Monday, July 20, 2020

Book Review: Sunshine and Whiskey by Lauren White

Title: Sunshine and Whiskey
Series: -
Author: Lauren White
Publisher: -
Genres: Poetry
Format: E-book
Publication Date: February 29th 2020
Pages: 446

Synopsis (Goodreads): A collection of poetry from the bumbling teenage years to the adult woman, still trying to find her place.


My rating: 3 / 5 ★

Sunshine and Whiskey is a self-published collection of poetry about love, loss, longing and lust. At rare moments, the poems would be about self love or escaping toxic relationship. I would like to thank the poet, Lauren White, and BookTasters on Twitter for the opportunity to read this book in exchange for an honest review. And that being said, I will be fully honest with my words.

This review is rather hard for me to write, because I had to DNF this book. I have never DNF-ed a review copy before, but I could not force myself to continue reading Sunshine and Whiskey, because I might end up disliking it. I'd hate for that to happen, because although I only read the book halfway through, there are good points about it, and if I were to continue, I would feel forced.

The book is divided into five parts—Summer, Lauren, Broken, Awakened and Boldly. I only read until the Broken part, and I still do not see the point of these parts? It might be personal to the poet, perhaps when she had written these poems, those were the categories she thought of. But to me, they seemed rather meaningless, as the poems do not seem to be categorised at all. At one moment, I would be reading about a poem where the persona was longing for the person that she loved, and the next moment she would hate the person and wanted to move on, but the next poem would be about longing again.

I personally think it would have been better if the poet categorised her poems into sections, maybe starting with falling in love, and then falling out of love, continued with longing and lastly moving on. It can be arranged in any way, but it would definitely be easier to read if they were categorised together, instead of being thrown altogether.

I am aware that this book is self published, so maybe the poet had no editor to check on her work, but I think it's better for me to still point this out. I found several grammatical errors and typos, which is not too glaring, but as a reviewer, I do think it's quite noticeable. One of it is the wrong use of "your" and "you're". Please note that "your" means belonging to you, while "you're" is the shortened version of you are. There were occasional times when the word "I" was written in lowercase, which is wrong, (unless it was written like that with a purpose).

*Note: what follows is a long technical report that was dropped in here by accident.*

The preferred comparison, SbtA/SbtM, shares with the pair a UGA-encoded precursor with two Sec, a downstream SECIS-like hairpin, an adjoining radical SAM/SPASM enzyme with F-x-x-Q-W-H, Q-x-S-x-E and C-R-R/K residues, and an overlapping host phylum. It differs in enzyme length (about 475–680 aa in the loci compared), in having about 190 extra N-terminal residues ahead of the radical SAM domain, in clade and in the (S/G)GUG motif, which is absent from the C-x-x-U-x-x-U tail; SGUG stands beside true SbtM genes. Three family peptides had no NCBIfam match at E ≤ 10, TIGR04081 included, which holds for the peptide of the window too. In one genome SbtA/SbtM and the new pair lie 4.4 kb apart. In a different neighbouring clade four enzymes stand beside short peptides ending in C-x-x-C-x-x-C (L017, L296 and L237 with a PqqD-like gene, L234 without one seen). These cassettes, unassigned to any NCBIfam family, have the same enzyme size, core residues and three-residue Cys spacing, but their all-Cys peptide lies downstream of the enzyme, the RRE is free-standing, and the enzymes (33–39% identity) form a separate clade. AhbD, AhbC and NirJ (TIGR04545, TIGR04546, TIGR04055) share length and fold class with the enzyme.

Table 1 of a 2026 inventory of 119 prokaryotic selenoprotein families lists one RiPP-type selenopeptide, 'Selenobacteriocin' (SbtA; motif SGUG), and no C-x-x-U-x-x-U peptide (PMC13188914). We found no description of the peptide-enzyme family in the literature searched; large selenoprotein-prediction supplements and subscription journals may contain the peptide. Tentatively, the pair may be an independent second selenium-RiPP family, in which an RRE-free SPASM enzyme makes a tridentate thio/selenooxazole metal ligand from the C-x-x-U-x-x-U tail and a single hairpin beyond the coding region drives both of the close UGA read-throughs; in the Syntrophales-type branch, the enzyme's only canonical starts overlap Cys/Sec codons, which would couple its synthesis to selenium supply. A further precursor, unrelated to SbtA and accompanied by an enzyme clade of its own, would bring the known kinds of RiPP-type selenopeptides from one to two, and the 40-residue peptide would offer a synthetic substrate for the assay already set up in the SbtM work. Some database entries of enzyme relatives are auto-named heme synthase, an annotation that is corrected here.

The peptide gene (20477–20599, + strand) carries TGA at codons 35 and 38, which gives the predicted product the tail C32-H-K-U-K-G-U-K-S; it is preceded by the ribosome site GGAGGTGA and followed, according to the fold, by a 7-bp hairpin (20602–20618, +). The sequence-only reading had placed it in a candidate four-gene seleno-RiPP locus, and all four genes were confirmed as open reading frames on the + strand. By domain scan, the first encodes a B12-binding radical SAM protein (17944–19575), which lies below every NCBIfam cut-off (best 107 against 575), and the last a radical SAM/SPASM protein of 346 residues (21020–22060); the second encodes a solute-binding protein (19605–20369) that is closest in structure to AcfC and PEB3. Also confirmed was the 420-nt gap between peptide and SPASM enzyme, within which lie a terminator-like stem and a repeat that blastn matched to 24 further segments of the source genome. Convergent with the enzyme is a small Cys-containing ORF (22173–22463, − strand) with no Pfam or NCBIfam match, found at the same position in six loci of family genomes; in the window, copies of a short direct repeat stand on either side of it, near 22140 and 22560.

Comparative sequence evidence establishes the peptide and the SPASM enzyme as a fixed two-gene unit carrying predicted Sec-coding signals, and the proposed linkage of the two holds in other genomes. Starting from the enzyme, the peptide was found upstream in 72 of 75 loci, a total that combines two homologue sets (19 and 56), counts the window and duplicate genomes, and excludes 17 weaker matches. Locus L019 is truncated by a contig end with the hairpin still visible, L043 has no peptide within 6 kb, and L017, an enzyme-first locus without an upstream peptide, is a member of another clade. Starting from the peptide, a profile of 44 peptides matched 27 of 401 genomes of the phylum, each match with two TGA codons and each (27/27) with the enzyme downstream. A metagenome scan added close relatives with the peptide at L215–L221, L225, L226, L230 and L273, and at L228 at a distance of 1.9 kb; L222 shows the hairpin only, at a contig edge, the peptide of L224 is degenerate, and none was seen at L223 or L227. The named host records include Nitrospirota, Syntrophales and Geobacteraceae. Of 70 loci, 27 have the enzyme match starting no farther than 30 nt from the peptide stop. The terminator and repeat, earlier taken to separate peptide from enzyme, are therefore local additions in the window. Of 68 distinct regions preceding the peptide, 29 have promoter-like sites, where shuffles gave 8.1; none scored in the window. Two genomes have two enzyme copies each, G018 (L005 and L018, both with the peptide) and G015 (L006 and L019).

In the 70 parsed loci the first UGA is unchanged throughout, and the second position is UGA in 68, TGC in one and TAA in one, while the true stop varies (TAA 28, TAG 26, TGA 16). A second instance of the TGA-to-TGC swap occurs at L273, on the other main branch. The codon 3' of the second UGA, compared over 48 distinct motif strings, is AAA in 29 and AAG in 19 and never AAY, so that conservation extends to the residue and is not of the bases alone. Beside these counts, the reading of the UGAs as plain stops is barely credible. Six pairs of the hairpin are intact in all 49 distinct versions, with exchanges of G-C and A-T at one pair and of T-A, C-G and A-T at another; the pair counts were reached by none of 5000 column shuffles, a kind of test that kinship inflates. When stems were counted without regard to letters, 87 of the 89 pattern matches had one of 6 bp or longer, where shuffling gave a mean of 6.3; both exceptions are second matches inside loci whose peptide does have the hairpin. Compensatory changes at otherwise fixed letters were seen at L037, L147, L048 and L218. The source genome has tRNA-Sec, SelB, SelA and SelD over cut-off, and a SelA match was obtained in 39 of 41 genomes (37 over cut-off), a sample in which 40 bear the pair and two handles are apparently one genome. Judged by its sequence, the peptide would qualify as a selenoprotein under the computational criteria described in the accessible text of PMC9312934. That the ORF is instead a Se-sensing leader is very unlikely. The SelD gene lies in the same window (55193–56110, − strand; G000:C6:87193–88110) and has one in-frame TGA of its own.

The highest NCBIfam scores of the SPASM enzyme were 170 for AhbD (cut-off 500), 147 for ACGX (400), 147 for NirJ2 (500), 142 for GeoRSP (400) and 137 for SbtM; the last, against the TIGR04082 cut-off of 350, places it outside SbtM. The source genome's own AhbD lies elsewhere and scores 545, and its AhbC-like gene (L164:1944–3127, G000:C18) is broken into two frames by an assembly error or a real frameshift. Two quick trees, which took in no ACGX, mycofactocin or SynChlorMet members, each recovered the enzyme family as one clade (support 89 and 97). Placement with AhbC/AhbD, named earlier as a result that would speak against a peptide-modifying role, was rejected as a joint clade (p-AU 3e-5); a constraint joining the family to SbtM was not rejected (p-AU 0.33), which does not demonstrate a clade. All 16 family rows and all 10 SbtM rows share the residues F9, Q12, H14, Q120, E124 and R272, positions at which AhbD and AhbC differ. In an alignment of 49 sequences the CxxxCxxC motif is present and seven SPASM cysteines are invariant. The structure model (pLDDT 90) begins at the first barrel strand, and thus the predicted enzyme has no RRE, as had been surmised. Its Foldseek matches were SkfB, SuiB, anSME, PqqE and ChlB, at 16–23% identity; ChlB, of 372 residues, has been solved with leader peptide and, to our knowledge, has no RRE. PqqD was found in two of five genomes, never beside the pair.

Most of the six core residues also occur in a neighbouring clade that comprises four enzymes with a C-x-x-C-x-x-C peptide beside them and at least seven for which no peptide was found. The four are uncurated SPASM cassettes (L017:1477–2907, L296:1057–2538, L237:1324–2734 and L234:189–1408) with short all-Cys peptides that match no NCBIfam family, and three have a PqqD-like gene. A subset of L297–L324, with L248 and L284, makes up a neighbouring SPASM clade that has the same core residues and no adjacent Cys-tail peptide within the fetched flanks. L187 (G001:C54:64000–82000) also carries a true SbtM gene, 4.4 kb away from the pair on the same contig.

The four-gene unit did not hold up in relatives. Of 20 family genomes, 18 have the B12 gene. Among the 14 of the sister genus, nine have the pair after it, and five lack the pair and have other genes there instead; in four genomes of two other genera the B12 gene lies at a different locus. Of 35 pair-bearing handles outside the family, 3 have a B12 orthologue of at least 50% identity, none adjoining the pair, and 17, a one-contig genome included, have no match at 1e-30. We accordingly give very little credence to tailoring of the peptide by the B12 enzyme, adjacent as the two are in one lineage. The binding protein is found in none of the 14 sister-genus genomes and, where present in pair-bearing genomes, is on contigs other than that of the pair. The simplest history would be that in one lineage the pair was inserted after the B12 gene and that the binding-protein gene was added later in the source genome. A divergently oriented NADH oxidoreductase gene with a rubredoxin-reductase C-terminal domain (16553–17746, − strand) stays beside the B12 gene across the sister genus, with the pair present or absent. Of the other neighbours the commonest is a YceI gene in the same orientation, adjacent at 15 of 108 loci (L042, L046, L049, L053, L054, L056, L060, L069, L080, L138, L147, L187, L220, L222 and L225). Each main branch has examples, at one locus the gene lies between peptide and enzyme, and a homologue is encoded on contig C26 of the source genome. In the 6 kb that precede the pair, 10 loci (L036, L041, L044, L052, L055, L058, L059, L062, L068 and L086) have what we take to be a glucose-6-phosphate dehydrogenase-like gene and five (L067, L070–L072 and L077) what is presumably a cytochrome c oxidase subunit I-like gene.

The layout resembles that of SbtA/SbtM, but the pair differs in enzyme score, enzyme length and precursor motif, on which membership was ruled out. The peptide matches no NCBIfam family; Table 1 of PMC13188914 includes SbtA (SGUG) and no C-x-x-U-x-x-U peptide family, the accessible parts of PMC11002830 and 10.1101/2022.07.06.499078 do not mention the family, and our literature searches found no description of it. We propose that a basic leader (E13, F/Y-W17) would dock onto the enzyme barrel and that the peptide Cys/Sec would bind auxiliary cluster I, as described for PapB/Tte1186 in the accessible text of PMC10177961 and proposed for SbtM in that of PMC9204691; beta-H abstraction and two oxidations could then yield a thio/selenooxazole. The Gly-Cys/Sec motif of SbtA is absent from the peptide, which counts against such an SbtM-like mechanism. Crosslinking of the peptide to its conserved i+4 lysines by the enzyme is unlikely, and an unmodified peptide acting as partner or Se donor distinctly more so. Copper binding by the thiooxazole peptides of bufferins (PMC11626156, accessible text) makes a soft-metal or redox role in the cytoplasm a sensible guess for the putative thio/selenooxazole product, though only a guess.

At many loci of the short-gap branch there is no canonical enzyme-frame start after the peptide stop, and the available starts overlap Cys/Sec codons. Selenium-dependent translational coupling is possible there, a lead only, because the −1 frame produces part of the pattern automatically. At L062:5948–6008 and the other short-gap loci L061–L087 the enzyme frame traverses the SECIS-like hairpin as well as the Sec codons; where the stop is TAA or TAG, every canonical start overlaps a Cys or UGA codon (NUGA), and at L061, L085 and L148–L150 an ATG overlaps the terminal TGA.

And correct me if I'm wrong, but the word "mine" means belonging to me, but if you were to refer to something yours, you would say "my", not "mine". An example of it was in one of the poems (forgive me, but I forgot which one), where the poet wrote "mine ears". I would think that it should have been "my ears". As for the format too, I think each new poem should start on a new page. I'm not sure if the e-book I was given had an error in its format, but there were some poems that started at the end of a page, with one stanza, before continuing at the next page. I think it doesn't look neat, and rather distracting. I'm not trying to be smart about any of this, but I believe that if the poet is to ever continue writing, she deserves to know these.

Apart from that, certain poems seem to be very lengthy. I actually do not mind long poems, but the topic of the poems seemed to be repetitive, and when some poems started right after a poem ends instead of at a new page, it felt like reading a paragraph without a full stop. It was difficult for me to stay focus. I also think that some of the poems should have a trigger warning for them? I found two poems that mentioned self-harm, which can even be considered as a suicide attempt. Maybe it felt personal to the poet, and perhaps some readers didn't mind them, but I think that it's rather unwise to mention about self harm so vividly in a poetry book. A short trigger warning would be appreciated.

I know that it seemed that I consider Sunshine and Whiskey to be full of negative points, but that would be wrong. There are several poems that I truly love, such as Her Lovely Face, Your Loss, Open the Door, Mordant and Forgotten Things. Other poems also have some paragraphs or stanzas that are beautifully written. I'll share a couple of them below:

"Love is a splendid feeling
That should be given and felt
And though sometimes it hurts
We never give up on it
Hate is for the lost
Those who gave up on love
And so they choose anger
Life is not just what you see
It is only what you make it
So choose a path
Never look back
Do not be ashamed of it."
Little Girl

My adoration
For you blooms until I might
Burst from the passion
With each passing season I'm
More irrevocably yours

The words chosen by the poet are mostly beautiful, and she even used many extravagant words to title her poems. At first I felt overwhelmed by the number of words that I've never heard of, but I had fun learning them. Some of the words include resplendent, rambunctious, vociferous, de rigueur, mordant and many more. I also think that the poet writes good sensual poems, without making them sound cringeworthy or dirty. It would suit best for adult readers that enjoy poetry about love.

Although Sunshine and Whiskey are obviously not meant for me, I do believe that other poetry lovers may love it. To the poet, Lauren White, I wish the best for you in the future if you ever continue writing poetry, and congratulations for your success in publishing this poetry collection on your own ❤️


you are less without me
but, I am less with you

Till next time ♡ Love, Aishah Humaira'

Post a Comment